This Made the Tea Unfit for Drinking, even for Americans

In 1775 a shipment of tea sailed into Boston Harbor. Due to an imposed tax levied by King George of England, it was considered by the natives to cost far more than it was worth. After a long stalemate, a band of English speaking Indians suddenly materialized on the dock, (no doubt drunk, being from Massachusetts) and proceeded to gather the chests of tea and throw them all overboard. This, unfortunately made the tea rather unfit for drinking, even for Americans………………..

Perhaps those at Delmarva Power think they are the new king here in Delaware?

Thanks to Tommywonk for reviving this story. Today’s News Journal informs us that Delmarva Power has now joined its sister company Connectiv and has filed suit to postpone its negotiations with Bluewater Wind.

This affects every Delawarean, far more than did the rate increase last May. This tactic of delay on behalf of Delmarva, may raise our utility rates up another 100% above and beyond the 60% increase we took last year. This perfunctory delay is an attempt to stall the Bluewater Wind farm as long as possible, buying time so that Delmarva can capitalize on anticipated high market rates expected to slam us over the next 5 years. Coal costs are expected to triple, and natural gas costs are estimated to expand 100% by most insider trade magazines. But if negotiations with Bluewater Wind accelerate as planned, then Delmarva will be stuck selling energy to Delawareans entering it’s grid a little more than 2 cents per kilowatt cost, instead those amounts way over 25 cents per kilowatt that their competitors can expect to receive by generating with expensive coal and gas.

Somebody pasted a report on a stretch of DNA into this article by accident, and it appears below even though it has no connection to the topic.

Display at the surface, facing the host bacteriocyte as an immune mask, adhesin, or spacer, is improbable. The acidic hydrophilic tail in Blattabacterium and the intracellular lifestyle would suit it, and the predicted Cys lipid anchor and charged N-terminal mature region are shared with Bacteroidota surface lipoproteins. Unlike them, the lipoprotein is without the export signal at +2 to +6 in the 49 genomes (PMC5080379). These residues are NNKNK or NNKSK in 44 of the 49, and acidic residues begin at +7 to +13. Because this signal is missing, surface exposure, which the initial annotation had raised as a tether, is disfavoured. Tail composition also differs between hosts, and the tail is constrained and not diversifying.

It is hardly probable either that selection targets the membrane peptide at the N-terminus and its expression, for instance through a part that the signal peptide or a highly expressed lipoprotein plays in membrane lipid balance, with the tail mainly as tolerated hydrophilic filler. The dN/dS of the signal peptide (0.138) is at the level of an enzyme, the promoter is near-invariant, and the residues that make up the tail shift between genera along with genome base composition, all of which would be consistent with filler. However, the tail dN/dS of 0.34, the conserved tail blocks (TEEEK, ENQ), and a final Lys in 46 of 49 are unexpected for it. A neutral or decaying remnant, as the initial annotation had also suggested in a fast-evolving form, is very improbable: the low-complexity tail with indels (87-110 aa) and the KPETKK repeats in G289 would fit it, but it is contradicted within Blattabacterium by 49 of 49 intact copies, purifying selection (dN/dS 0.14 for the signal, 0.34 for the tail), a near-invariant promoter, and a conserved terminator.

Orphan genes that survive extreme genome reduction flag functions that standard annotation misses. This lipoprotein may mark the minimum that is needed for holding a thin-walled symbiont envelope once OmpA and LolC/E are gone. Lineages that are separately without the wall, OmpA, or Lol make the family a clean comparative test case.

The downside for us is that we, the Delaware consumers, will be paying our 7 cents surcharge to Delmarva on the back of market costs of 25 cents, as opposed to wind’s potential rate of 2 cents. Bottom line, the longer Delmarva delays, the longer we are forced to pay at least 18 cents per kilowatt hour, an amount we should rightfully have no reason to pay, except for the delaying action caused by the two said parties. This delay tactic could cost most homes up to an additional 100 dollars per month. These are the stakes.

Delmarva and Connectiv are filing suit on the weak basis that no state regulatory commission has the right to tell them what to do. If one uses and twists their same argument, then it stands to reason that the citizens of the Delmarva peninsula, who are in true Soprano fashion being exhorted to pay far more than they normally should under natural market circumstances, should also file suit in Superior Court against Delmarva and Connectiv and in an open class action lawsuit, file for future estimated damages.